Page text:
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The piriformis is a tiny tendon-muscle, about 3/4 of an inch by 3-4 inches in length. It is one of the "short external rotators", and it is identified anatomically because it crosses over the sciatic nerve behind the hip. There are several short external rotators, and together these are the turnout muscles. Because the muscles are so small, there isn't a need for resistance any greater than the weight of your leg to strengthen them. It is also important to stretch those muscles, especially in adults, to prevent "piriformis syndrome", or local compression of the sciatic nerve under a tight piriformis tendon. One of the strongest opponents to turnout is a tight iliopsoas tendon. You would gain a lot more turnout stretching the psoas and iliopsoas tendon, followed by "clam" exercises. A good stretch is a lunge-type exercise. Just Google "psoas stretches".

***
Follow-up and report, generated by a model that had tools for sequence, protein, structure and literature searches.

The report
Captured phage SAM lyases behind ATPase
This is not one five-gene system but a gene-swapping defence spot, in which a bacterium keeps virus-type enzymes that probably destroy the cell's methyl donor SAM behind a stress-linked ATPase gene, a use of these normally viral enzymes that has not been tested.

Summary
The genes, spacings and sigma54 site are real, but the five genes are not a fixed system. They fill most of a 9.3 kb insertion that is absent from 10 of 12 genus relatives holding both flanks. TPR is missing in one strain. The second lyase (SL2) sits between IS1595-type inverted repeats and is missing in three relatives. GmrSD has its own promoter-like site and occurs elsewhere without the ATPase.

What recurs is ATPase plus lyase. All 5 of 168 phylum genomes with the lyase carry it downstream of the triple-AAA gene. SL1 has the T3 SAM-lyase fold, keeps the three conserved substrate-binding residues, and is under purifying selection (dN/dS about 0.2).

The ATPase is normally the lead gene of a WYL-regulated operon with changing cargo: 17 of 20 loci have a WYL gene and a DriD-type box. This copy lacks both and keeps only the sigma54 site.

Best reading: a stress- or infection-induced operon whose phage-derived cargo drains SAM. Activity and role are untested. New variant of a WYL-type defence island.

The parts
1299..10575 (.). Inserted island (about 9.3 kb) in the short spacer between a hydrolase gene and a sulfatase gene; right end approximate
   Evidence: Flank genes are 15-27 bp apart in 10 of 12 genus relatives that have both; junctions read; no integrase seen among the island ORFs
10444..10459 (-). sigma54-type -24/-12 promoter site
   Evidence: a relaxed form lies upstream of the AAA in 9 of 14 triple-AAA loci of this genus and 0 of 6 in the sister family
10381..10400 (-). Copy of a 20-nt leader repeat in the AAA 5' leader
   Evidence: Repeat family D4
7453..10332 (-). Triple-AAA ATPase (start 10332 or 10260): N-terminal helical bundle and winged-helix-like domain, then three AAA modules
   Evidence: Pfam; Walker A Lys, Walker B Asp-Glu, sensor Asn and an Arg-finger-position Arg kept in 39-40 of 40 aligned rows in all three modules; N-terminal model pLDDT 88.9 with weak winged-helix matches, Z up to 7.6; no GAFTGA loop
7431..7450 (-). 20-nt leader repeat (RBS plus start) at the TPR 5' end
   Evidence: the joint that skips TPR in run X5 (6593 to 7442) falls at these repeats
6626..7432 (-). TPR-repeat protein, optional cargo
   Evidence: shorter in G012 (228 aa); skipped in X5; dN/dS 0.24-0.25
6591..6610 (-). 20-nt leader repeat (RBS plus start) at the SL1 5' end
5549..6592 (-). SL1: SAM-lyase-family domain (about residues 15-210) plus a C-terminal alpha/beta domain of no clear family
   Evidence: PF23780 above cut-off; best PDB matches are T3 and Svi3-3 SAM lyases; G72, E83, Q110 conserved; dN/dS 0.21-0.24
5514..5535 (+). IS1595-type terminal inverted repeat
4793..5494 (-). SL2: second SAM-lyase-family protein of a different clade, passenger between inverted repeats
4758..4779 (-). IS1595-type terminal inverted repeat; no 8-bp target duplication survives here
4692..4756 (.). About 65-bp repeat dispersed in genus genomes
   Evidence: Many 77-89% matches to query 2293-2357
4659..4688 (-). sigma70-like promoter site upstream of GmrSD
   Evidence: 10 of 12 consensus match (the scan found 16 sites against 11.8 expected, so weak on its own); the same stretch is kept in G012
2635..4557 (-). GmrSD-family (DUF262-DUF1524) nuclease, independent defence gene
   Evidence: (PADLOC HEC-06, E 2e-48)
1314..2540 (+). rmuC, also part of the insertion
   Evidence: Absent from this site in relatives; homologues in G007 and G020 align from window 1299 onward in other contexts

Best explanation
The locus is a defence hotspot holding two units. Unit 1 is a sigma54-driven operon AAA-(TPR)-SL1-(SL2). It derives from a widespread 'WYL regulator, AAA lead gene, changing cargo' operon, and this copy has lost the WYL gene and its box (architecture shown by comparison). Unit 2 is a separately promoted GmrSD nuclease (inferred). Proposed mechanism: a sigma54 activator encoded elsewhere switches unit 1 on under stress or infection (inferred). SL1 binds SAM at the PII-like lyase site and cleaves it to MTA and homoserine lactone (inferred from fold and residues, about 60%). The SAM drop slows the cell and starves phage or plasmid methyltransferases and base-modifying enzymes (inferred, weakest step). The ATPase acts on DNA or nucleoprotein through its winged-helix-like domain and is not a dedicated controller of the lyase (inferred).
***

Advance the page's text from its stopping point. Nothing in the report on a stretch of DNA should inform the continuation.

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Hi Serendipity!

 

I'm no expert by any means, but I HIGHLY recommend using the adductor machine or even just resistabands to my students and friends for exactly this purpose. The reason being, it worked wonders for me. It was recommended to me by a personal trainer a few years ago following an injury to my hip that was interfering with my strength and full degree of rotation. I saw immediate results. Within a week it had alleviated some of the pain I was experiencing and also increased my strength to hold my rotation. (I was getting 5 classes a week at the time, and class alone was definitely not going to get me what I achieved working this muscle separately.) I've continued to use it since and the only problem I've encountered is a tightening of the piriformis which I must be diligent in stretching or it becomes painful. Again, all that could be related to the first injury.

 

You've described exactly what I was looking for - a way to strengthen the muscle to hold the rotation. I have the same issues with my piriformis in terms of pain and stretching - due to a back break many moons ago (leftover injuries).